And don’t forget to share #whatsnext for you (with pictures, words or video) on the VMware Careers social channels.

We look forward to hearing from you!

 

-The VMware Careers Team

 

 

 

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Anish Mehta on Pi Day and Growth Through Giving Back at VMware

VMware employees contribute their best work to imagine, define, and deliver the future of IT through transformative products and solutions that enable customer agility, efficiency, security, and fault tolerance in the Cloud era. And this is only possible through the dedicated, dynamic and inspiring people that make up our company. Take a look at Anish’s story on life at VMware, Pi Day and growth through giving back. 

 

Name: Anish Mehta

Job Title: Program Manager, Ecosystems Engineering 

Years at VMware: 1+ 

Office location: Palo Alto, California

Finish the hashtag statement #ilovevmware because… it’s a #greatplacetowork with #coolproducts and #awesomecoworkers! 

 

What is life at VMware like for you?

I just completed my first year at VMware in February and love working within and outside the Ecosystem Engineering team. VMware’s reputation has attracted a very talented bunch of people and it’s an enriching experience for me.

How would you describe your role at VMware?

I am a Program Manager within the Ecosystems Engineering team. I work on core product releases from an ecosystem perspective and help plan, deliver and track ecosystem readiness and communicate this information with internal and external customers.

Recently, VMware celebrated Pi Day. Can you share the significance of the day? 

In 2012, VMware expanded the Matching gifts program and expanded the limits to span $31.41 to $3,141.59. The spirit of “Pi” continued in 2013 with our first “Pi Day,” on March 14 (3/14) of course. During Pi Day, VMware Palo Alto hosted roughly 30 non-profits who had the opportunity to share a variety of giving back opportunities for employees on campus.

Check out the video below to get a sense of the excitement from Pi Day!

What was your role at Pi Day?

I coordinated India Literacy Project’s (ILP) participation in the Pi day activities. We had a busy booth as over 70 employees visited the booth and expressed interest in ILP. Fellow VMwareites, Shikhar Agarwal and Hari Sankaraman were a tremendous help in setting up and sharubg ILP’s story and opportunities with our employee community. Pi Day gave me the opportunity to connect with a wide gamut of employees, share ILP’s story as well as how people can volunteer with ILP or match donations through the VMware Foundation.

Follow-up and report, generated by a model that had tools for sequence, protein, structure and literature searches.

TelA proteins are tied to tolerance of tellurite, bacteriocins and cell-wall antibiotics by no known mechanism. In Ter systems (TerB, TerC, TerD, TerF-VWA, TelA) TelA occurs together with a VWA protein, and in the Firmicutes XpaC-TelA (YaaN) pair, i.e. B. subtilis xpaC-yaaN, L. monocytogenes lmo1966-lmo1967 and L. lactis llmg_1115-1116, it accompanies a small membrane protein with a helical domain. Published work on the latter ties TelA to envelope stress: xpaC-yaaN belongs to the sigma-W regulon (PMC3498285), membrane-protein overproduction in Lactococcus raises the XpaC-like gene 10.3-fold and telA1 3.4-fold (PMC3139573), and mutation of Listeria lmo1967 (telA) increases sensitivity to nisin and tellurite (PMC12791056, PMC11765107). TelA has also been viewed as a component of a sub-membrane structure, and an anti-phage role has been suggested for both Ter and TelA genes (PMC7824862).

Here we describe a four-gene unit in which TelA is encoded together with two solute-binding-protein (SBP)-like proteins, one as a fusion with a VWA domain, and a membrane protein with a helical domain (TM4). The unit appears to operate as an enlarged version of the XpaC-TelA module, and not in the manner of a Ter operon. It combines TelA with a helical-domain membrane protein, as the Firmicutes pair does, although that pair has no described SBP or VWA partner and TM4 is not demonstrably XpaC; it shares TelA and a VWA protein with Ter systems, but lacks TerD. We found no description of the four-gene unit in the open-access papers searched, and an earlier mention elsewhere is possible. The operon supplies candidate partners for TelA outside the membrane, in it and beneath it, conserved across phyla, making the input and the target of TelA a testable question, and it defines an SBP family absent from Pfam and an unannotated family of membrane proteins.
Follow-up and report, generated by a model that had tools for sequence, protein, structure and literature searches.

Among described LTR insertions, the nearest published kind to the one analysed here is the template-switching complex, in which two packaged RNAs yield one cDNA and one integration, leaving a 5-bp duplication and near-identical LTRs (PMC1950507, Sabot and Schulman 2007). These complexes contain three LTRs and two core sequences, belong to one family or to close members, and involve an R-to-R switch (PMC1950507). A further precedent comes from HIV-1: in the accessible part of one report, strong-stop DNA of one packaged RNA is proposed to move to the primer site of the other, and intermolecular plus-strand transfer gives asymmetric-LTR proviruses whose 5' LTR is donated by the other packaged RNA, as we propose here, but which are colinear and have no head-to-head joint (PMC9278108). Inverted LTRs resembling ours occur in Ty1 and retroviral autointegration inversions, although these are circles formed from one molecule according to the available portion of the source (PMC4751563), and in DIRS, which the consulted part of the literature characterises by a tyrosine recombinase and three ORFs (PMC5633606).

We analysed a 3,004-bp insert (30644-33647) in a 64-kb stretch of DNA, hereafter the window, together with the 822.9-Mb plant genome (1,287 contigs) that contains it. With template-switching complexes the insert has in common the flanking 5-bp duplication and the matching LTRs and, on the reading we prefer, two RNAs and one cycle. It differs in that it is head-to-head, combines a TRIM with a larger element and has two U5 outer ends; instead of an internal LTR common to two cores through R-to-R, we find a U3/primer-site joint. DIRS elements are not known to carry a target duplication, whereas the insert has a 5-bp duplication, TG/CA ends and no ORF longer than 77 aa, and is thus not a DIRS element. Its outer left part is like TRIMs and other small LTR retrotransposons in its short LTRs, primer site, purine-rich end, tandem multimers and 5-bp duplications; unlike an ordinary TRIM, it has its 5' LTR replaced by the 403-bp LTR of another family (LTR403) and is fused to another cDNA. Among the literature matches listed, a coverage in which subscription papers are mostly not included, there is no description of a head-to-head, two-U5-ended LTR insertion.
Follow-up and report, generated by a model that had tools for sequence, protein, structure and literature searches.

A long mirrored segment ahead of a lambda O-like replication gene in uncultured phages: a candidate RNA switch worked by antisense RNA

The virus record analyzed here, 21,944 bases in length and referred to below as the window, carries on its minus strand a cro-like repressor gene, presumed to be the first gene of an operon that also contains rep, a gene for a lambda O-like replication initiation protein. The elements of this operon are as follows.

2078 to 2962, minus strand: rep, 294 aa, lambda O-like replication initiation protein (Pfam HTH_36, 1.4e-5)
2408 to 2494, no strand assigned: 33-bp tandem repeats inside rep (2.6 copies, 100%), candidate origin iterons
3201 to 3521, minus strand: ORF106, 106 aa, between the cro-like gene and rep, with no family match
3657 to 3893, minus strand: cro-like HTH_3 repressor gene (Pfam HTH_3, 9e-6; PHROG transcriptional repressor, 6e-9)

Can you share more about the India Literacy Project?

India Literacy Project, ILP, is a volunteer based non-profit organization dedicated to the cause of literacy in India. By empowering every individual we serve with functional literacy and an understanding of their basic rights and responsibilities, we strive to be a catalyst for 100% literacy in India.

VMware employees can give back to the India Literacy Project through the VMware Foundation for Milestone Awards, Matching Gifts (individual contributions) as well as Service learning (volunteering). We’re also really excited to continue to help the India Literacy Project with a capacity-building challenge through the VMware Foundation’s Group Gigs & Grants program.

What does Giving Back mean to you? 

Giving back implies supporting the local community and underprivileged groups worldwide. In the Bay Area we live comfortable lives and it’s easy to forget that there is world outside of our cushy bubble where basic necessities like food, clothing, shelter and access to education are a struggle. This helps puts my small contribution into perspective. In addition to India Literacy Project, I have contributed to HandsOn Bay Area, Habitat for Humanity, Organs R Us and AIF.

What advice would you give to someone looking to give back in the community?

There are lots of needs. Identify what strikes a chord in you or where you can be most effective and then discover ways to help. The VMware Foundation’s group on VMware Link is a great place for employees to get pointers. If you do not work at VMware you can find volunteer opportunities through VolunteerMatch or check out the pro bono marketplace with Taproot Foundation.

What are you inspired to do in 2013 and beyond?

I helped plan the ecosystem deliverables for our 2014 releases and hope to leverage that experience in the vPAR initiative. The Ecosystem Engineering team will continue to make it easier for our partners to do business with VMware. In addition we will further develop connections with internal and external upstream and downstream teams to accelerate VMware technology adoption through the partner ecosystem into our customer base.

For India Literacy Project, we would like to fundraise 25% more than what was raised in 2012 and help recruit several new volunteers to help us scale and kick our knowledge hub initiative into higher gear.

On the personal front, my wife and I just adopted a toddler from India, so I plan to devote all my free time to her.